He was considered an anomaly until Allen Iverson was drafted by the Philadelphia 76ers in 1996.
Iverson's tattoo collection quickly grew to rival Rodman's. And though tattoos were becoming more popular with NBA players, reflecting the tattoo trend in the hipster community in general, they were looked down on by the NBA — which actually had Iverson's tattoos airbrushed off the cover of the NBA's Hoops magazine in 1999.
Iverson, who starts for the Eastern Conference All-Stars on Sunday, was outraged and called the doctored photo "an insult." He told the Web site Vanishingtattoo.com, "What I put on my body, that means something to me. They don't have the right to try to present me in another way to the public than the way I truly am without my permission. It's an act of freedom and a form of self-expression. That's why I got [tattoos]."
While Rodman and Iverson had to deal with the league's ire over their ink in the '90s, it's unusual for NBA players not to have tats these days. At least a dozen players — including Utah Jazz forward Carlos Boozer, Denver Nuggets center/forward Chris Andersen, Miami Heat forward Michael Beasley, and Memphis Grizzlies small forward Darius Miles — sport two full sleeves of tattoos (ink from shoulder to wrist). Dozens of other star players, such as Cleveland Cavaliers forward LeBron James, L.A. Lakers guard Kobe Bryant (also All-Star starters), and Golden State Warriors power forward Ronny Turiaf, have prominent ink.
"Once you get [a tattoo], it's pretty addictive," Turiaf told the L.A. Times last summer. "It's a matter of putting something on your body that really means a lot."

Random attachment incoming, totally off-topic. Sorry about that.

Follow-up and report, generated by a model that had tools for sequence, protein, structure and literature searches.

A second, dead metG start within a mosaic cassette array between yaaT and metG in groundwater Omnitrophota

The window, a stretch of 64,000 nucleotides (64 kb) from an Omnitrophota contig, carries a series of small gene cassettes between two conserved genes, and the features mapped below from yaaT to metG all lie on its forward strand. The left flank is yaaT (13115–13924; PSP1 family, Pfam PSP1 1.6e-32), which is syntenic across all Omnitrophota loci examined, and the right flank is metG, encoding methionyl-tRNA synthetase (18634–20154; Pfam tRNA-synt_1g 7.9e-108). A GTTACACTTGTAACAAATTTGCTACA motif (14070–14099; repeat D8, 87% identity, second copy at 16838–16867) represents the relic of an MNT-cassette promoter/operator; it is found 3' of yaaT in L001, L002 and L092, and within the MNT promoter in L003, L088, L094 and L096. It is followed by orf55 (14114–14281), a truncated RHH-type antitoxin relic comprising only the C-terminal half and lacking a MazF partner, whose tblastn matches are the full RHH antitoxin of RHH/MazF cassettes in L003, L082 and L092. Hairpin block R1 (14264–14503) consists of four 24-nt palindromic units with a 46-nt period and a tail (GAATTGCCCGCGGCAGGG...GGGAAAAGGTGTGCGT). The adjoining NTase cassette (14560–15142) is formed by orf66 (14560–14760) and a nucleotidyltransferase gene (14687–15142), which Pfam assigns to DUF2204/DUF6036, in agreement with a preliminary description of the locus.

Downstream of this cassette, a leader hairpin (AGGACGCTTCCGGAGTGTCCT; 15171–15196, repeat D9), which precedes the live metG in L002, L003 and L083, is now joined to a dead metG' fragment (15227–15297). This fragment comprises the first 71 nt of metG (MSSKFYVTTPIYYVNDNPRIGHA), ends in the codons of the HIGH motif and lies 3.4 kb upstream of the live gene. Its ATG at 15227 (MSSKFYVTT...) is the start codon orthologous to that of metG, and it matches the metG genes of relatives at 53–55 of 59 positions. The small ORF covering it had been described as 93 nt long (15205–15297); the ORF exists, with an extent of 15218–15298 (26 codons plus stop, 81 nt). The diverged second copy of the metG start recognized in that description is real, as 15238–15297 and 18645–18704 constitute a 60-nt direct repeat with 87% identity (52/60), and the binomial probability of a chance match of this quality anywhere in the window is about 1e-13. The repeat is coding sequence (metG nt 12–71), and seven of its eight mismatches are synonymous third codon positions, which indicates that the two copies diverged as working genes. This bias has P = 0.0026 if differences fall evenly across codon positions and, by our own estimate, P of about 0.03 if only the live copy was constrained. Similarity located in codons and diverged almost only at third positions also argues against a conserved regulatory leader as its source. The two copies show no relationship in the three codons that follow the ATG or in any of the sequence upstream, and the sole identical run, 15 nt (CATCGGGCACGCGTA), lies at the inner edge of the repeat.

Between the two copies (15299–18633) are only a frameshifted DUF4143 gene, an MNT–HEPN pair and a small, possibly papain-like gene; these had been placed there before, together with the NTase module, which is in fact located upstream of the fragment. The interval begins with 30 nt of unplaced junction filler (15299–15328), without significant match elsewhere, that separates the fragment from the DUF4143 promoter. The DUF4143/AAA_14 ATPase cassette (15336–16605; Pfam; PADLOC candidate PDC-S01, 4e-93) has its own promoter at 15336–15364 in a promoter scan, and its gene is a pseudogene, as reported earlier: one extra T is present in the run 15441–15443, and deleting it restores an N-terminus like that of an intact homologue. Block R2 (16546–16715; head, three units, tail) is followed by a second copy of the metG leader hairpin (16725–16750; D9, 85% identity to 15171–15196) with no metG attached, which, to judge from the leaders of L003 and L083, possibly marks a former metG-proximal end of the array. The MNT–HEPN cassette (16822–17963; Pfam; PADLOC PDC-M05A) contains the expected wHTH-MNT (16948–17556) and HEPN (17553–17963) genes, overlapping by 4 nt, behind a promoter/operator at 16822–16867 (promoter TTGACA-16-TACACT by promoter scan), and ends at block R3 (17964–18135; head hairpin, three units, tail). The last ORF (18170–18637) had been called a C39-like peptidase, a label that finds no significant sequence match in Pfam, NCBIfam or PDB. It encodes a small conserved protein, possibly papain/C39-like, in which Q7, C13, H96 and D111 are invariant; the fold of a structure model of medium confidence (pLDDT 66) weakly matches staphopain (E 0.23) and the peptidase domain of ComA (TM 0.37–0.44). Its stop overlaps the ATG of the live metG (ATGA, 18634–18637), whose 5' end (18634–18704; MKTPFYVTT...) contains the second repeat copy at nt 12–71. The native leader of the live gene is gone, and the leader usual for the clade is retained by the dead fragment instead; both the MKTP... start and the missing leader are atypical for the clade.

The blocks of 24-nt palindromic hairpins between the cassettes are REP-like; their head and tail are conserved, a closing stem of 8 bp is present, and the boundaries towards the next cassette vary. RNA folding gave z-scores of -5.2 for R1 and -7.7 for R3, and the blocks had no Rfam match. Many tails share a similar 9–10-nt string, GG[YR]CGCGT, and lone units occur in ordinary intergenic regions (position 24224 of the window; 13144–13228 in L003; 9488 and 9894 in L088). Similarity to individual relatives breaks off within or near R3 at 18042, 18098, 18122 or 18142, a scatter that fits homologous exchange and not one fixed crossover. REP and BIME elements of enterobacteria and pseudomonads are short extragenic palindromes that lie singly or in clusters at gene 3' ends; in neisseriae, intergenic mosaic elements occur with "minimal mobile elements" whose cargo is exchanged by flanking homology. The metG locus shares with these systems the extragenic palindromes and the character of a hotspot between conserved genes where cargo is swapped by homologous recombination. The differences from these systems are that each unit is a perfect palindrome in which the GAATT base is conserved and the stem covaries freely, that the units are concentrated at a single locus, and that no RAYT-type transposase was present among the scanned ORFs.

Six of the 12 players on the current Suns roster have tattoos, but Suns shooting guard Jason Richardson apparently has more than anybody else on the team. The 27-year-old former Golden State Warrior and Charlotte Bobcat counts 26, and they serve as a pictorial biography of his basketball career.
Richardson's basketball tattoos include the words "THA FACTOR" across his back shoulders — referring to the nickname his teammates gave him during his Golden State years — and the image of a muscle man holding a basketball (it's actually the And 1 Basketball company mascot). Above the And 1 figure is "E.L.I.T.E.," which Richardson says stands for "Enjoy Life into the End." His brother and cousin have the same "E.L.I.T.E." tattoo.
His family is a huge part of Richardson's life, so many of his tattoos pay tribute to his loved ones. On his chest, he has an intricate tattoo that includes the names of his brothers, cousins, and three children, along with Asian characters that he says spell out "a personal message I keep to myself." Down the right side of his ribs, Richardson has a tattoo that reads "family" in one direction and "respect" in the other. His right bicep bears the word "rich," and his left bicep has the word "boys," a tribute to Richardson's sons, whom he calls "Rich Boys." On his left forearm are Chinese letters that represent the words "father," "strength," "talent," and "smooth." ("The words describe me," Richardson says.)
Richardson got his first tattoo when he was 15. It read "JRich" and included his high school basketball number. He has since had that tattoo covered with the image of the Grim Reaper holding a basketball. (The Grim Reaper is a popular tattoo among NBA players — Denver Nuggets power forward Kenyon Martin, Chicago Bulls shooting guard Larry Hughes, former Denver Nuggets point guard Smush Parker, former Miami Heat guard Robert Hite, and Washington Wizards small forward Caron Butler have Grim Reaper tats, too).